Environment | National

Native Sun News: Tribes organize against Dakota Access Pipeline

Lakota youth paraded across the Missouri River Bridge in Mobridge, South Dakota, on March 26 to raise awareness of the fight against the Dakota Access Pipeline. Photo courtesy Waniya Locke

Hunkpapa and others ride in defiance of Dakota Access Pipeline
By Talli Nauman
Native Sun News
Health & Environment Editor

FT. YATES, N.D. –– Some 60 riders mounted horseback on April 1 to ride 25 miles north from the capital of the Standing Rock Sioux Indian Reservation here on the Missouri River, to the community of Cannon Ball, where they inaugurated a spirit camp in defiance of the proposed Dakota Access Pipeline.

The Dakota Access Pipeline, also known as the Bakken Pipeline, would carry Bakken crude oil from the Ft. Berthold Indian Reservation in North Dakota 1,134-miles across Native American ancestral territory in North and South Dakota, through Sac and Fox land in Iowa to Illinois, according to the 2-year-old proposal by Houston-based Energy Transfer Partners and Phillips 66.

“Because the Dakota Access Pipeline will cross over the Ogallala Aquifer (one of the largest aquifers in the world) and under the Missouri River twice (the longest river in the United States), the possible contamination of these water sources makes the Dakota Access pipeline a national threat,” spirit camp organizers said in a written statement.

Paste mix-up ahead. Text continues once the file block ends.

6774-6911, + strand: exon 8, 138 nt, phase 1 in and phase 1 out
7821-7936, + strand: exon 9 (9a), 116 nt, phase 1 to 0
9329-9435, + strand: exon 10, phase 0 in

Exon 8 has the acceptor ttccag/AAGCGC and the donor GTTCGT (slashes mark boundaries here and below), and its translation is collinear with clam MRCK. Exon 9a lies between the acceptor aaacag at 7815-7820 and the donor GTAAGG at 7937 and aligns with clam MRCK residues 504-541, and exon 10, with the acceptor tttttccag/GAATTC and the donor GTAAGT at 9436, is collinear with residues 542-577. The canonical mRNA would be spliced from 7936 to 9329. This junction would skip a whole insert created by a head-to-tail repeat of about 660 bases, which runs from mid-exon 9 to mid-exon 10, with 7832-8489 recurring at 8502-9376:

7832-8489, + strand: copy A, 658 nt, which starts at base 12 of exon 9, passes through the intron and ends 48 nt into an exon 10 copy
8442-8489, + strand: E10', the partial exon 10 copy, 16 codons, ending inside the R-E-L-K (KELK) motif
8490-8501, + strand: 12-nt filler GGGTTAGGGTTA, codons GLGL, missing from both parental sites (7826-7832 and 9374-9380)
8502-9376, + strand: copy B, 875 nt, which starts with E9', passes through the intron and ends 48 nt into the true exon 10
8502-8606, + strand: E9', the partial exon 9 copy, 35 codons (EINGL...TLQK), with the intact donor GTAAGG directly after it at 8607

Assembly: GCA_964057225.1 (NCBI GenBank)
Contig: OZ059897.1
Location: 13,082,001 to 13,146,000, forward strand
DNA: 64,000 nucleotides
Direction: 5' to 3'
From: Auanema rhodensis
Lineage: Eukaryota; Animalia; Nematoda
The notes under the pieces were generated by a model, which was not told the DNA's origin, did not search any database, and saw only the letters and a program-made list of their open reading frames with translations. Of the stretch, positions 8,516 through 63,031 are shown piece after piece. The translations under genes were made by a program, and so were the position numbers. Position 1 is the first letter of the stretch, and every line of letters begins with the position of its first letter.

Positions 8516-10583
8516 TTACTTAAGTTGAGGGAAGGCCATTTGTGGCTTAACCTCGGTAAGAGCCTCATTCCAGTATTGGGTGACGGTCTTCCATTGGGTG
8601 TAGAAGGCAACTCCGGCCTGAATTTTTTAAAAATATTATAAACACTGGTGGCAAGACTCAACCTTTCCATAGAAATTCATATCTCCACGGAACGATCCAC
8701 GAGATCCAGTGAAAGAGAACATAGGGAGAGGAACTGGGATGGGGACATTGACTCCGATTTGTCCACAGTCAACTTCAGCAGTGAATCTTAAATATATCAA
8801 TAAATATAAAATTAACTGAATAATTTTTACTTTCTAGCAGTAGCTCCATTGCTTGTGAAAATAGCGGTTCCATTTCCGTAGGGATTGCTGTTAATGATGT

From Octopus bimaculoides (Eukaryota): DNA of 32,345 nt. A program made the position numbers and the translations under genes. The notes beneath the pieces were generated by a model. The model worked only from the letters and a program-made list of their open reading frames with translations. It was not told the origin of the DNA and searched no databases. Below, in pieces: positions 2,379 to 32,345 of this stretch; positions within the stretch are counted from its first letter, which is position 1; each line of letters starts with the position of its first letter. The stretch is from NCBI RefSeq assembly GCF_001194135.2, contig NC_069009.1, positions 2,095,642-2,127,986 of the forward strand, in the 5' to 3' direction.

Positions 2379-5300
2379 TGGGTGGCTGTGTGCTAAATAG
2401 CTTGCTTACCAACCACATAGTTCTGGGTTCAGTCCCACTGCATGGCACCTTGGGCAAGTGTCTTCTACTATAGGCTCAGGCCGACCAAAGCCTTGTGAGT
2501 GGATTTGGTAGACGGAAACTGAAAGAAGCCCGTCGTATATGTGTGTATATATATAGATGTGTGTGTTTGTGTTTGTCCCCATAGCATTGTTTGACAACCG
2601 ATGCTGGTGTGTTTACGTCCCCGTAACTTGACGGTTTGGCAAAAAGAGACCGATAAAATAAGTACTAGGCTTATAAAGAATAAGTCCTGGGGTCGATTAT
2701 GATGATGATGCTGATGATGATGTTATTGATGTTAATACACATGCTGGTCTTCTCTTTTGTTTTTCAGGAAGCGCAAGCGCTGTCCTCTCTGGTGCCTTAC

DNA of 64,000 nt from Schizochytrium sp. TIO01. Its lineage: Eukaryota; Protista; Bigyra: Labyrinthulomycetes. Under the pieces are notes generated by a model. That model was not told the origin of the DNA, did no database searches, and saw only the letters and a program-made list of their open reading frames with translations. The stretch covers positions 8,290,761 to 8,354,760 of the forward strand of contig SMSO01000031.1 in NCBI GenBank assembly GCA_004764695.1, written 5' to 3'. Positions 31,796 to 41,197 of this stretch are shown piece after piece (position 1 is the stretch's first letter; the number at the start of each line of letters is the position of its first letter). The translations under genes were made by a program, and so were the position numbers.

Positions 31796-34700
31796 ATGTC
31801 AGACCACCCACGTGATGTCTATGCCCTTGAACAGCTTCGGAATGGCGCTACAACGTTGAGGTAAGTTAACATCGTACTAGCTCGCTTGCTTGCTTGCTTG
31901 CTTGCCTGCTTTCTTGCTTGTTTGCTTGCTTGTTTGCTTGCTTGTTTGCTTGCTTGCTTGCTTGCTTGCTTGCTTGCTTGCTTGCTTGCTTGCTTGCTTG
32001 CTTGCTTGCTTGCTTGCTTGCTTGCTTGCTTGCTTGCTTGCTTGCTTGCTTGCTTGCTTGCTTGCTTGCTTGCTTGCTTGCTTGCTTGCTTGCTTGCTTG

“The construction of Dakota Access will threaten everything from farming and drinking water to entire ecosystems, wildlife and food sources surrounding the Missouri. The nesting of bald eagles and piping plovers as well as the quality of wild rice and medicinal plants like sweet grass are just a few of the species at stake here,” they argued.

Lakota youth also paraded across the Missouri River Bridge in Mobridge on March 26 to raise awareness of the fight against Dakota Access Pipeline.

The Iowa Utilities Board received a letter from the Iowa Tribe of Nebraska and Kansas on March 31, recommending that the pipeline promoters voluntarily withdraw their filing for permission “and in its place, issue a formal apology … to all tribes for their attempted interference in the … government-to-government relationships in consultation as established by our treaties and confirmed by law.”

The letter, signed by Tribal Historic Preservation Officer Lance M. Foster, in White Cloud, Kansas, states that he will otherwise file for the board to disregard pipeline company briefs “as unnecessarily provocative and lacking in proper authority.”

Read the rest of the story on the all new Native Sun News website: Hunkpapa and others ride in defiance of Dakota Access Pipeline

(Contact Talli Nauman at talli.nauman@gmail.com)

Copyright permission Native Sun News

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